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From California to Spain, three wines that defy stereotypes, and the winemakers behind them

Certain wines suffer from stereotyping. Cava, Spain's best known sparkling wine, is being tarnished with an inferior reputation as consumers flock to Italian prosecco, which, thanks to clever marketing, has become trendy among young drinkers. Likewise, there is more to Californian wines than them being the rich, opulent fruit bombs many oenophiles expect.

California winemaker on standing out in a male-dominated industry

Some intrepid winemakers are trying to break these stereotypes. For those looking to challenge their palate, here are a few suggestions.

The Colet family can trace their agri­cultural roots in Penedes back to 1783. Current winemaker Sergi Colet studied oenology at university and gained practical experience in Reims, France. In 2004, the winery was one of the first to leave the Cava DO (Denominacion de Origen) and its sparkling wines are now made under the Penedes DO, with a "Classic Penedes" identity, meaning the grapes must be organic and sourced from within the region. This allows Colet to experiment with more grape varieties in its sparkling wine than would be allowed under the Cava DO. Colet wine is made by the traditional method, with second fermentation in the bottle, and undergoes bottle ageing for 18 months.

Wine tasting: Pares Balta from northeast Spain

"Vatua" is an expression of surprise in Catalan, and the name is intended to reflect the sense of wonder one gets when tasting this wine. It is unique, with the heady aromatics of gewurztraminer, but is bone dry on the palate, making it a good food wine.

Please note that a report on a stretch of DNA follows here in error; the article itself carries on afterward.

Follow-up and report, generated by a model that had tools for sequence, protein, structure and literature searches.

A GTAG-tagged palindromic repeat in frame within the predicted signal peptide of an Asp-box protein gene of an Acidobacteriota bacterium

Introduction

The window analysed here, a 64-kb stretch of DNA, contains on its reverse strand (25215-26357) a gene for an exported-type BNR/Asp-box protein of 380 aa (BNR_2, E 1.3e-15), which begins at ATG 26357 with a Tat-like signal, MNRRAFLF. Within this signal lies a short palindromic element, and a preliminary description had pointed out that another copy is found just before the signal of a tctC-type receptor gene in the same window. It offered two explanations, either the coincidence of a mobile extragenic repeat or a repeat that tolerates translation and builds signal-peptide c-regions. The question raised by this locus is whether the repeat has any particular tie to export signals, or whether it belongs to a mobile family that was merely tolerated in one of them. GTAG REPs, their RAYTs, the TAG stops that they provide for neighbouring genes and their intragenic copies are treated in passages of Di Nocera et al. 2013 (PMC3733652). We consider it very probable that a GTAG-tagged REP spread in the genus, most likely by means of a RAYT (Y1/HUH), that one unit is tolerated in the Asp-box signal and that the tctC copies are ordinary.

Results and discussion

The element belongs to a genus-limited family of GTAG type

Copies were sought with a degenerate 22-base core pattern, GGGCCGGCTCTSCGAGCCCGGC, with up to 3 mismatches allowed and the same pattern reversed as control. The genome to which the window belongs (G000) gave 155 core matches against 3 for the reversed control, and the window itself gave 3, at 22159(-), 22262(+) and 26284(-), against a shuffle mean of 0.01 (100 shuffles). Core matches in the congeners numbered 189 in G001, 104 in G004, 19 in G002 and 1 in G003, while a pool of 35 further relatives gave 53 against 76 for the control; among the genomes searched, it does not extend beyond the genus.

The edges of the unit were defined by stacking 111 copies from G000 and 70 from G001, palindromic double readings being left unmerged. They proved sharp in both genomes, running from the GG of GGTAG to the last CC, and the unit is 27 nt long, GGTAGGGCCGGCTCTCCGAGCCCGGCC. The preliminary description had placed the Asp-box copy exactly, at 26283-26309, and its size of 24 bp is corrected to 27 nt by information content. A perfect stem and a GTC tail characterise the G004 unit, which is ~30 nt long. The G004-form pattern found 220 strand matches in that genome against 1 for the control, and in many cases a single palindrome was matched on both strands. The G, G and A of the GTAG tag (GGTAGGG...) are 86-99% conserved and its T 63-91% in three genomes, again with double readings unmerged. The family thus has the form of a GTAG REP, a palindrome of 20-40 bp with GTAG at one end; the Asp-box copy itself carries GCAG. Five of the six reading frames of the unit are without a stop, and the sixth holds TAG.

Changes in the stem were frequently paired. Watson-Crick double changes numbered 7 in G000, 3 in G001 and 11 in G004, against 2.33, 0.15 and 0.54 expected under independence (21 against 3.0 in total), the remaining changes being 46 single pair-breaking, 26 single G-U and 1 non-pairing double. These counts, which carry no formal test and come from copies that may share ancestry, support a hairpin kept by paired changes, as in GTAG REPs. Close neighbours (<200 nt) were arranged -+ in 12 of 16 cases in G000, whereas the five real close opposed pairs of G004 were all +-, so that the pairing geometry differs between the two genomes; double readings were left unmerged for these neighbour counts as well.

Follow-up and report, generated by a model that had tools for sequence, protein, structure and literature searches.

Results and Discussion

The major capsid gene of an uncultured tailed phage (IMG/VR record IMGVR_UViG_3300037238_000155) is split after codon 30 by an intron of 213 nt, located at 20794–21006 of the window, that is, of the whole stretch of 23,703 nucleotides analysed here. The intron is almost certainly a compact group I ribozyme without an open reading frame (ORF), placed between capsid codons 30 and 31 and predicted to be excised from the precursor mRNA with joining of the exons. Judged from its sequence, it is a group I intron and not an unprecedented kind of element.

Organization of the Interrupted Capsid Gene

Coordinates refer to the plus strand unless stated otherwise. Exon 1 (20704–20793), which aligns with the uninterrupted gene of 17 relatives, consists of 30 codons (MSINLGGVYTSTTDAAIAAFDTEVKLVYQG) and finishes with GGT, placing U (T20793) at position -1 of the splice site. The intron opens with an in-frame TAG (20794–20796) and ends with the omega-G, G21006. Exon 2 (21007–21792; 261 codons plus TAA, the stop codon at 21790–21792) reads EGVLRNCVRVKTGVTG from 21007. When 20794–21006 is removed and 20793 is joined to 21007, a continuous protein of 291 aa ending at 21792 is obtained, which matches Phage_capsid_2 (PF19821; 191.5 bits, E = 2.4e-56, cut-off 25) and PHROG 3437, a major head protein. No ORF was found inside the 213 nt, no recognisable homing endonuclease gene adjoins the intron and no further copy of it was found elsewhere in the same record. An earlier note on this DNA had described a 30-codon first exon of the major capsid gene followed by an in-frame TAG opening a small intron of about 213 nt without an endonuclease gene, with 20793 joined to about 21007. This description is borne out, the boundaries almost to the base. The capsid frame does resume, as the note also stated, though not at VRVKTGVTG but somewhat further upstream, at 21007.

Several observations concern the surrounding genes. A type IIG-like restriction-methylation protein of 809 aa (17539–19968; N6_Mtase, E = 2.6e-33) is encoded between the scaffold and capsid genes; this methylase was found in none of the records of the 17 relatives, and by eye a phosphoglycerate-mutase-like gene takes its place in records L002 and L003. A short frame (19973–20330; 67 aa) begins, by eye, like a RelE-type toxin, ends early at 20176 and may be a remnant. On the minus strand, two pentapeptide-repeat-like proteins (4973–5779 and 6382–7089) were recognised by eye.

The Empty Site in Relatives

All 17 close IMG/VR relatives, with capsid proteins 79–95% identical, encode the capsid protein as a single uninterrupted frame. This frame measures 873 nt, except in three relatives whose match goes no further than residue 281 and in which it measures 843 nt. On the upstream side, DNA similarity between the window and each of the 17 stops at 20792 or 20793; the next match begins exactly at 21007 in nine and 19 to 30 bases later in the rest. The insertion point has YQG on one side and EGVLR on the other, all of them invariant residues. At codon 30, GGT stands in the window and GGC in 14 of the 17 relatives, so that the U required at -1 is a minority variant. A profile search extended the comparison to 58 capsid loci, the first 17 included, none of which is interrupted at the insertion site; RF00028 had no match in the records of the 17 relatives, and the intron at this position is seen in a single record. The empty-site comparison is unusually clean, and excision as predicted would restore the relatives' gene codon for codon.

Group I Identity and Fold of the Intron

A blend of 45 per cent moscatell (muscat), 45 per cent parellada and 10 per cent gewurztraminer.

Fragrant rose petal with tropical and citrus fruit. Medium body, dry, with crisp acidity and a clean finish. Approachable and extremely refreshing.

Founder James Kutch was a stock trader with Merrill Lynch before he ditched Wall Street to make wine. Kutch's love for red burgundy turned into an obsession with cool-climate pinot noir. After identifying his ideal vineyard sites in California using Google Maps, he then persuaded the growers to sell him the grapes.

"We attempt to pursue a minimalist philosophy, trying to provide the purest expression of pinot noir from a particular place and time, taking care not to over-manipu­late our wines in the cellar," Kutch says.

Try these hard-to-find wines from new grapes or unusual regions

In the cellar, the fruit is moved by gravity instead of by pumps and machines, which is a gentler, less interventionist way of handling the wine. Indigenous yeast is used for primary fermentation. Minimal additives are used and the wine is aged in French oak, with 20 per cent new oak, for about 16 months before bottling.

The 2014 Sonoma wine is made with fruit sourced from multiple sites. It represents the Kutch entry-level wine and is more fruit forward and approach­able in youth.

Fresh, vibrant red fruit with some stalky notes. Lighter bodied, elegant with crisp acidity and firm tannins. A pure expression of pinot noir that is drinking well in its youth.

Family-owned Sobon Estate is located in Amador County, in the foothills of the Sierra Nevada mountains. Shirley and Leon Sobon bought the former D'Agostini Winery, California's third-oldest, to mark their 30th wedding anniversary, in 1989. The Rocky Top is a single-vineyard zinfandel planted in the 19th century. With an elevation of about 900 metres, the cooler nighttime temperatures preserve fruit acidity. The grapes are dry-farmed, to increase the concentration of the fruit.

California winemaker on standing out in a male-dominated industry

In the cellar, minimum amounts of sulphur are added to preserve the freshness and colour of the wine. Wines are aged for 18 months in a mix of American and French oak, of which 30 per cent is new.

Ripe black fruit, some blueberries, mulberries and spicy notes. Medium bodied with ripe fruit framed by crisp acidity and soft tannins. An elegant zinfandel.

The wines are available from

This article originally appeared on the South China Morning Post (SCMP).

Copyright (c) 2018. South China Morning Post Publishers Ltd. All rights reserved.

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